If you’re one of those who say or write vice versa with an extra a in between, stop it! Stop it now!
I was recently reading a friend’s Facebook post on politics. She was making some interesting points (along with a few I found ridiculous).
Then she presented a sentence of comparison and ended it with “…and vice a versa.”
Oy. I’ve also seen (and heard) people use the phrase as “vicey versa,” which might be even slightly more annoying.
The phrase is vice versa, with only a single a that comes at the end of the second word.
“The phrase has the complete force of a proposition, being as much as to say that upon a transposition of antecedents the consequents are also transposed” [Century Dictionary].
Put more simply, it means, “the other way around.”
Vice comes to us from vicis, which means “a change, an alternate order.” Versa is a feminine form of versus and means “to turn, turn about.”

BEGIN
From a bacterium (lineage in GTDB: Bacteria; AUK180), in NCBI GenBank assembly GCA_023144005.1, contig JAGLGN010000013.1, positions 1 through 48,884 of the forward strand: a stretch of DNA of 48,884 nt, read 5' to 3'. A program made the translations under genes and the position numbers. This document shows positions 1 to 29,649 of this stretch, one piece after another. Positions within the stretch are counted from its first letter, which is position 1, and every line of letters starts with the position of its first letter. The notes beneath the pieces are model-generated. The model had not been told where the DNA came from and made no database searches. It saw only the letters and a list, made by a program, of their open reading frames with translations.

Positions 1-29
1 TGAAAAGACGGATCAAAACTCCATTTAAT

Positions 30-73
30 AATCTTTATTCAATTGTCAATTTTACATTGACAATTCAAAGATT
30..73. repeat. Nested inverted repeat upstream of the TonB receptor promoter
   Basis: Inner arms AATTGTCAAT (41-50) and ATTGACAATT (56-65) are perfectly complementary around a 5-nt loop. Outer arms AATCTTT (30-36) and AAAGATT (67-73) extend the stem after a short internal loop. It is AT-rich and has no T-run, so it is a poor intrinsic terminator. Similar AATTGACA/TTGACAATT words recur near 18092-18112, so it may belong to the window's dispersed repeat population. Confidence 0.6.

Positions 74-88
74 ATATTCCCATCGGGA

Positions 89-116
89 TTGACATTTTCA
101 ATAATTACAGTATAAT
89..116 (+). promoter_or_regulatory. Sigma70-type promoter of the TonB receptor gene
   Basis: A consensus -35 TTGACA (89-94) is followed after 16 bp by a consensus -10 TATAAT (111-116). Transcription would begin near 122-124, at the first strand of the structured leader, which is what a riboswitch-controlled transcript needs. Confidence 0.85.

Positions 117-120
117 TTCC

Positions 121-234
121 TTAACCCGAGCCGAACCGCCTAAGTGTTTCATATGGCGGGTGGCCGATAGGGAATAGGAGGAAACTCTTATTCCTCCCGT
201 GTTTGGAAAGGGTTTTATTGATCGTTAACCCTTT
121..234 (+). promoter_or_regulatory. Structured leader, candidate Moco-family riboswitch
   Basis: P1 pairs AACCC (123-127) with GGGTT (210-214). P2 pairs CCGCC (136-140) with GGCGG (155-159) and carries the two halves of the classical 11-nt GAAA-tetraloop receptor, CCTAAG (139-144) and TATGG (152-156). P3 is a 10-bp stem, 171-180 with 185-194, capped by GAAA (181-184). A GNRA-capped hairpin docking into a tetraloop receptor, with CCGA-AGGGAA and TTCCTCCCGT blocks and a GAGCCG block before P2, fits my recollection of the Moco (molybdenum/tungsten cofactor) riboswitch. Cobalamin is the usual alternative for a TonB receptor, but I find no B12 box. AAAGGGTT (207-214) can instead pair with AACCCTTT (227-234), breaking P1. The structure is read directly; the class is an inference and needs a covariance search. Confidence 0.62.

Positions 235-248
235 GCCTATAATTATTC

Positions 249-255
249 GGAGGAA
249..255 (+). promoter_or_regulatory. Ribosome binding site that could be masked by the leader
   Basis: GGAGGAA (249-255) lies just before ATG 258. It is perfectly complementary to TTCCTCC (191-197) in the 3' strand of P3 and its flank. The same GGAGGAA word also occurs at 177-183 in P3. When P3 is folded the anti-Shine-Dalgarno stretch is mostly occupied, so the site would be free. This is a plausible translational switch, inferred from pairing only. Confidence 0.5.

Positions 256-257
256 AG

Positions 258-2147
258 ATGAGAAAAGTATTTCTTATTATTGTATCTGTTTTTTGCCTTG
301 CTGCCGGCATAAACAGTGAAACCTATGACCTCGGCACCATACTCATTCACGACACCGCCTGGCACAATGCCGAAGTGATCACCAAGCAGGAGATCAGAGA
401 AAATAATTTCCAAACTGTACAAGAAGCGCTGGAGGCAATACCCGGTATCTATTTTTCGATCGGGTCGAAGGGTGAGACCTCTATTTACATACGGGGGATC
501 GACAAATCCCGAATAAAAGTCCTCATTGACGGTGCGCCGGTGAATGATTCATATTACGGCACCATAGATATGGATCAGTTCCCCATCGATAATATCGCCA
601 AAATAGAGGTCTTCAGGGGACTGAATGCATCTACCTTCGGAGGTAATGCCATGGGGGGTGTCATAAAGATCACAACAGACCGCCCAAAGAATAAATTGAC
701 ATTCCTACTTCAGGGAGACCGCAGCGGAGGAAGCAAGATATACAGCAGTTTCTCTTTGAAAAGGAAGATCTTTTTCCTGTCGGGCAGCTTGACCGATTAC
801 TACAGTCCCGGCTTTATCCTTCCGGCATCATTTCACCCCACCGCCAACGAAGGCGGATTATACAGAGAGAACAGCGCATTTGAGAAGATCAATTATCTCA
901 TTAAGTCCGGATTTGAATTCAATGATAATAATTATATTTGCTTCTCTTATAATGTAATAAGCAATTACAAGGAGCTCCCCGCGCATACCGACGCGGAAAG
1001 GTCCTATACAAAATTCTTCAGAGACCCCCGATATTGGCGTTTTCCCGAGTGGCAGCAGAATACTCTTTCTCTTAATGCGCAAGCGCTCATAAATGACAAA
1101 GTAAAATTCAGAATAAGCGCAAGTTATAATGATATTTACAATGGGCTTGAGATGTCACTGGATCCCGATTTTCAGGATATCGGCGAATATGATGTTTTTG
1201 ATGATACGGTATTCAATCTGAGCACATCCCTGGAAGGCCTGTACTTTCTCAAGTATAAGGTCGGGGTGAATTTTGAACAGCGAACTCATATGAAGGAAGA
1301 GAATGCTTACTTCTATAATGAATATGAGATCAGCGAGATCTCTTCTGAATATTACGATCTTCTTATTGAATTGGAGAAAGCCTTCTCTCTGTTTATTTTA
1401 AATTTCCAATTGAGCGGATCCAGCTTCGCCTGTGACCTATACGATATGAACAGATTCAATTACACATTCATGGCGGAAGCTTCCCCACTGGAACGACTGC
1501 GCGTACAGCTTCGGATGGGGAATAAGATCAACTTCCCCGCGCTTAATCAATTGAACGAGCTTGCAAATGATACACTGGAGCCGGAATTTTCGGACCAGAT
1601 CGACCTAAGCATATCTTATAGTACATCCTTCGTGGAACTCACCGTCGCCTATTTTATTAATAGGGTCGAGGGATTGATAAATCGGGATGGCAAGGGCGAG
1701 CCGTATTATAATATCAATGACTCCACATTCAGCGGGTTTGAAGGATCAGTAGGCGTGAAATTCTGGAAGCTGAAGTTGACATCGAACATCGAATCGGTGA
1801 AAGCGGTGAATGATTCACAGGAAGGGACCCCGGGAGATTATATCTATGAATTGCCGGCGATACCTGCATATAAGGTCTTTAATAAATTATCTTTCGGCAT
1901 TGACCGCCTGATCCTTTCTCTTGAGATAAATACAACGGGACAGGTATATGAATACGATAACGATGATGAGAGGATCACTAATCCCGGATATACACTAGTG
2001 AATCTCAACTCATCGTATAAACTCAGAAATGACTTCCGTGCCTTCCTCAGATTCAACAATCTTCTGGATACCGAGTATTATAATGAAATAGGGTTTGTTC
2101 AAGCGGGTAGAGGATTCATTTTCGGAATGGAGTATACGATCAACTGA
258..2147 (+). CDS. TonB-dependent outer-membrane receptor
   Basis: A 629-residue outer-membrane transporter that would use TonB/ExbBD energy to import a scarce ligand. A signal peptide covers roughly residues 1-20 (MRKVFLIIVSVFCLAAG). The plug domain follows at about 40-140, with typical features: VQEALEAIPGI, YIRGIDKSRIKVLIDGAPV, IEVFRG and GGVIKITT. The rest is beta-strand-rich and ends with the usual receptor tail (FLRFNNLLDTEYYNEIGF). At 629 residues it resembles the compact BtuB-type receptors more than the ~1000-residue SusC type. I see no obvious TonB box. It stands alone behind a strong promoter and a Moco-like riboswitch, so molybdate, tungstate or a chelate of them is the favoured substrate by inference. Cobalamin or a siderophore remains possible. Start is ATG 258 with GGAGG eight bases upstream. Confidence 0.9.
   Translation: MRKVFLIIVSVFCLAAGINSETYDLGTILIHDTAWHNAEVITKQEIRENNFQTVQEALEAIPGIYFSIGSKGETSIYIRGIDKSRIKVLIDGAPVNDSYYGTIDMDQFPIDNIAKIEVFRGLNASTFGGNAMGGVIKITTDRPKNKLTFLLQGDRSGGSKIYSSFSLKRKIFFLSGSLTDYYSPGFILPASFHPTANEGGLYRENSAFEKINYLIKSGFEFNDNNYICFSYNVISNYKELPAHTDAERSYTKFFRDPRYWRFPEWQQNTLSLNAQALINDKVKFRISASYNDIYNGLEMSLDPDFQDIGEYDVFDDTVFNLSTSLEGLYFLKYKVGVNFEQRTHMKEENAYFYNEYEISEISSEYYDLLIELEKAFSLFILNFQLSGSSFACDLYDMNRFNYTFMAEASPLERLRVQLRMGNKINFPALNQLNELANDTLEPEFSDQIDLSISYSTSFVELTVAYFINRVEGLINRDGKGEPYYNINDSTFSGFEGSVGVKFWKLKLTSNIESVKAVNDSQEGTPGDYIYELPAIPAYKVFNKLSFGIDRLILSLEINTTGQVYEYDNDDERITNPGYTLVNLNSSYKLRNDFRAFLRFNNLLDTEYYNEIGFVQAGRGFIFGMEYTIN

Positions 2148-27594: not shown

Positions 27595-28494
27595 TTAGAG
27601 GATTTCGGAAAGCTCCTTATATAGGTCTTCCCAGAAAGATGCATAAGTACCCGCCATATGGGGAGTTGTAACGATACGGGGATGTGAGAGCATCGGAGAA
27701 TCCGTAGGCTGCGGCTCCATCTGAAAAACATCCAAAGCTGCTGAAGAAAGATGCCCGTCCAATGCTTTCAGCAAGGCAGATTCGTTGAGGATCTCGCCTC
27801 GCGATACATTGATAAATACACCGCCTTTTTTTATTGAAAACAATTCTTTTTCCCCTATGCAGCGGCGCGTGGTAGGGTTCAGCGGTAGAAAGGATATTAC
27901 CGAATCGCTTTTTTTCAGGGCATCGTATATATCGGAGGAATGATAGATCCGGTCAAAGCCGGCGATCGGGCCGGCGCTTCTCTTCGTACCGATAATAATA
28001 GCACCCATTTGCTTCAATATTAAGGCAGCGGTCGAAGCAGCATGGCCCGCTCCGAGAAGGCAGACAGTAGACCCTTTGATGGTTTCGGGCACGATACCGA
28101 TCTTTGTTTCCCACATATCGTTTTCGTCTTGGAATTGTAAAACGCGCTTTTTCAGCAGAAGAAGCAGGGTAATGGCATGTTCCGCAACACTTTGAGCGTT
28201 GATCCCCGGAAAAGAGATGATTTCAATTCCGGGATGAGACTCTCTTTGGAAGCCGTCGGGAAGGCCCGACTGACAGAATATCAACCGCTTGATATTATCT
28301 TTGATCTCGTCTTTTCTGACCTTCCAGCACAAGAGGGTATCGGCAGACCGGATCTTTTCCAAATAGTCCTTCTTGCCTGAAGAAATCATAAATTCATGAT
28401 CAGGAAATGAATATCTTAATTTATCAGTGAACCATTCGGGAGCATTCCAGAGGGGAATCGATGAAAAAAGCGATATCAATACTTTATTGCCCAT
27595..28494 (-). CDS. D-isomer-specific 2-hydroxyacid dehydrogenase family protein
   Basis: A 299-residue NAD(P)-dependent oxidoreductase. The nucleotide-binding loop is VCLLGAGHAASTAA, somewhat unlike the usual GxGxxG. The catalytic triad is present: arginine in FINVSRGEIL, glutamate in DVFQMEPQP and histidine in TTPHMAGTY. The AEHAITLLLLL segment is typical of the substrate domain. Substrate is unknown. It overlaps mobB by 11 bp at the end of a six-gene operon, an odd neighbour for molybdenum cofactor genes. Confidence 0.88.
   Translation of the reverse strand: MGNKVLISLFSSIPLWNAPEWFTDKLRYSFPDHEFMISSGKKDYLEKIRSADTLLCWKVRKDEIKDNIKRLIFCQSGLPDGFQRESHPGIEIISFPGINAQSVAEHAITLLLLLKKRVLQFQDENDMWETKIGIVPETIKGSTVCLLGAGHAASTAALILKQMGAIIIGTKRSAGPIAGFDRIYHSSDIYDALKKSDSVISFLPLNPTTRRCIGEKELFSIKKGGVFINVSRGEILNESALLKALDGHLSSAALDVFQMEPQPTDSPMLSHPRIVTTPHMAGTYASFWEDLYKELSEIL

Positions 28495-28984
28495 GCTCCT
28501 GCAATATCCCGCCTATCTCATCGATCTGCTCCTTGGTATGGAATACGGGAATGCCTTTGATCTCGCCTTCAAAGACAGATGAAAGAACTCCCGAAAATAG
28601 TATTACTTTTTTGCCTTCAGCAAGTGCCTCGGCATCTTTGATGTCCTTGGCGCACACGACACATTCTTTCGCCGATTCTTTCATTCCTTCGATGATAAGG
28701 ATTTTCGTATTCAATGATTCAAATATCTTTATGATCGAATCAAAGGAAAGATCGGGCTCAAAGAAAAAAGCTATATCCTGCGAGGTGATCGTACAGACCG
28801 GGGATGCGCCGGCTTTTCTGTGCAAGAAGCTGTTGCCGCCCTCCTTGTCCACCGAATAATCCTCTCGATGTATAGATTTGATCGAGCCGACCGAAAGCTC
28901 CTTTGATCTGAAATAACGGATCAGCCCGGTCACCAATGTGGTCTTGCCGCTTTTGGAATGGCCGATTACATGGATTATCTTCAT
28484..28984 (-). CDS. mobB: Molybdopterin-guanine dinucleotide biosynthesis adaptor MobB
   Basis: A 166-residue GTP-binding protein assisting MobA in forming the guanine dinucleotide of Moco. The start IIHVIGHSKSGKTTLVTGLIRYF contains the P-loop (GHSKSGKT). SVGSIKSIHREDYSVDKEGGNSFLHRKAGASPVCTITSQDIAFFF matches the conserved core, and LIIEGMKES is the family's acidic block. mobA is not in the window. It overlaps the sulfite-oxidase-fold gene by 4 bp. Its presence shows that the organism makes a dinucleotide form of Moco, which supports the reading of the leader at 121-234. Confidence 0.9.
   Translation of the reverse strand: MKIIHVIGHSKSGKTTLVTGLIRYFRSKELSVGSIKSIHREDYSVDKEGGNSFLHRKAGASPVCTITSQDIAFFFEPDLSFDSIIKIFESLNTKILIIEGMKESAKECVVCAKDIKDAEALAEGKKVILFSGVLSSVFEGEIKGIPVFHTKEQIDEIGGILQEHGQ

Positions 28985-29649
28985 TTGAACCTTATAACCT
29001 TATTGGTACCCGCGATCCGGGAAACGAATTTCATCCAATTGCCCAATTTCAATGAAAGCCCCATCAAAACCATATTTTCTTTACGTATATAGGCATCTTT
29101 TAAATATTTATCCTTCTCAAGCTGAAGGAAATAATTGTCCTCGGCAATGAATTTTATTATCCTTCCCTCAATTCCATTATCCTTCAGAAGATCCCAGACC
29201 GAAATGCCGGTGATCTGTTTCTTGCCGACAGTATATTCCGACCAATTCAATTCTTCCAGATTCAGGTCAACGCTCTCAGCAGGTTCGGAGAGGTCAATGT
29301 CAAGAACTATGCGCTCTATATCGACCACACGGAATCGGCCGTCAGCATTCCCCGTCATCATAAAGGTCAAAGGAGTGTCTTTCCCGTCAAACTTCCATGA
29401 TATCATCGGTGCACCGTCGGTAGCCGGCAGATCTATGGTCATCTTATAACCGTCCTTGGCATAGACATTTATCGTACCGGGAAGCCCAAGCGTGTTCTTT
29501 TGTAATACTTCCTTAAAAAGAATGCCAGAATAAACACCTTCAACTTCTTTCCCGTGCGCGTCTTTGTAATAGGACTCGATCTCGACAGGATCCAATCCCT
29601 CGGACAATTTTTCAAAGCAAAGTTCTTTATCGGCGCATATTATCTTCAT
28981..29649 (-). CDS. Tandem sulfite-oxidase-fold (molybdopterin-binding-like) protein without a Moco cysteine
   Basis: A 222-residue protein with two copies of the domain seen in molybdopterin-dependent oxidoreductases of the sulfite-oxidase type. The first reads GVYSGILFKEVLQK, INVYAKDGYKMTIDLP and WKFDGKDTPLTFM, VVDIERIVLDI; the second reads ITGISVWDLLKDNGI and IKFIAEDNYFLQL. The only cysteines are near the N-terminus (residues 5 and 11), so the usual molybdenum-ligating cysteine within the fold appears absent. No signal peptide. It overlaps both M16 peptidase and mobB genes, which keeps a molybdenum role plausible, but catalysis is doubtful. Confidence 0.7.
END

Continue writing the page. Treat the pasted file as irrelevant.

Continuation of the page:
I have said before, when frustrated by a new workflow that had to be adapted to satisfy a piece of technology, that computers are supposed to make things easier for people, not vice versa. The meaning of the statement is that “Computers are supposed to make things easier for people, people aren’t supposed to make things easier for computers.”
Vice versa is one of several Latin phrases that are in common use today, despite people taking a great deal of pleasure in reminding the rest of us that Latin is a “dead language.”
Oddly enough, there’s actually a candy that carries the name. Nestlé makes “Vice Versas” in the UK; they’re M&M shaped candies that are a mix of white and milk chocolate pieces. (It consists of white chocolate pieces covered in milk chocolate…and vice versa.)
You knew that was coming, right?